Director Pay Rises 4.5%
Pay for serving on a corporation’s board of directors continues to rise. Compensation for non-employee directors totaled $261,333 in 2012, up 4.5% from 2011, according to compensation consulting firm Steven Hall & Partners.
The firm analyzed the proxy statements of the 200 largest publicly traded corporations, as measured by revenues, in the United States. They found total pay has risen, though the mix of how non-employee directors are compensated has not. Cash accounted for 45% of pay and equity accounted for 55% of pay.
The median cash retainer for board service was $85,000, a 21% increase since 2007. Part of the increase reflects the elimination of meeting fee payments. Just 27% of companies paid board members for attending meetings last year, versus 42% in 2007. The consulting firm thinks companies increased the cash retainer to prevent directors from incurring a drop in compensation. The median fee paid to directors attending a meeting is $2,000.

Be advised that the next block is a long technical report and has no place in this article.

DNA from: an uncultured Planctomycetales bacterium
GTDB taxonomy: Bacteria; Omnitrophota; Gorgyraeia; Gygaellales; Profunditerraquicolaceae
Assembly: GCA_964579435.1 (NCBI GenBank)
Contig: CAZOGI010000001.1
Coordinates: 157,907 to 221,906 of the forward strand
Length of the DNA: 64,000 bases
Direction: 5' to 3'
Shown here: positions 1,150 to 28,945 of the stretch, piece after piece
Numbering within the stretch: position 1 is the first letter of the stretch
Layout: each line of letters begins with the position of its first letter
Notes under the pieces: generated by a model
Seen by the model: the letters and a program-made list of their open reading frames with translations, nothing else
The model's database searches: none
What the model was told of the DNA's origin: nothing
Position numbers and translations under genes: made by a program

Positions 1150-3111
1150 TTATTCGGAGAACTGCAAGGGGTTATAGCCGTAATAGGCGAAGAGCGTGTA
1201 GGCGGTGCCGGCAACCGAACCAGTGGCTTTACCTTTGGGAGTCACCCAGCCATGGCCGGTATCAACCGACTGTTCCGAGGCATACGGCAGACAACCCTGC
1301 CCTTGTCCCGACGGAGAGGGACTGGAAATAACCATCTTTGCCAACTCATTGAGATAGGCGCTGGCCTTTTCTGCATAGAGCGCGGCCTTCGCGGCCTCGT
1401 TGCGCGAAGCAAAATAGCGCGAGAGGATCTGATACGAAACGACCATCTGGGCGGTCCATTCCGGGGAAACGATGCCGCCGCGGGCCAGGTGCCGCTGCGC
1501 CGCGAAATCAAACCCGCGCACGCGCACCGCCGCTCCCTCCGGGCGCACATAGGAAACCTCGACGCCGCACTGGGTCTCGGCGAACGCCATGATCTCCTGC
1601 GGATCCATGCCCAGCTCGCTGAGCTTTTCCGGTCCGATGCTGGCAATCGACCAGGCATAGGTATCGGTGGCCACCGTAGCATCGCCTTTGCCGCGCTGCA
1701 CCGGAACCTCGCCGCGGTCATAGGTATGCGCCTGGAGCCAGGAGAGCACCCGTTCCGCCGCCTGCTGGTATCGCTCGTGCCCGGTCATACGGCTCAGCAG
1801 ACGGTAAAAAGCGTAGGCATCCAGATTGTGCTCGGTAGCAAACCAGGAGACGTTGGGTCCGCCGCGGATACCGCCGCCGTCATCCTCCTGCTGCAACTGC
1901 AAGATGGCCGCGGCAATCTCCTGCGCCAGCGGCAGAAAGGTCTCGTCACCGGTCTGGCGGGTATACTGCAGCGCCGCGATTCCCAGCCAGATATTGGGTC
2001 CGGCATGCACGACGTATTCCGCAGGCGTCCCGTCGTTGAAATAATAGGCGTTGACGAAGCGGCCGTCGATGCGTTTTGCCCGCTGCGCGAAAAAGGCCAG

Equity compensation was mostly made up of stocks. Only 9% of companies granted a combination of stocks and options, while just 3% used options as the sole component of equity compensation. Over two-thirds of equity awards vested either immediately or within one year of the grant. Steven Hall & Partners believes the short vesting period reflects a belief that longer periods “might handcuff directors to boards they wish to leave.” The firm did note, however, the presence of a “notable and consistent minority of companies” granting equity with a multi-year vesting period.
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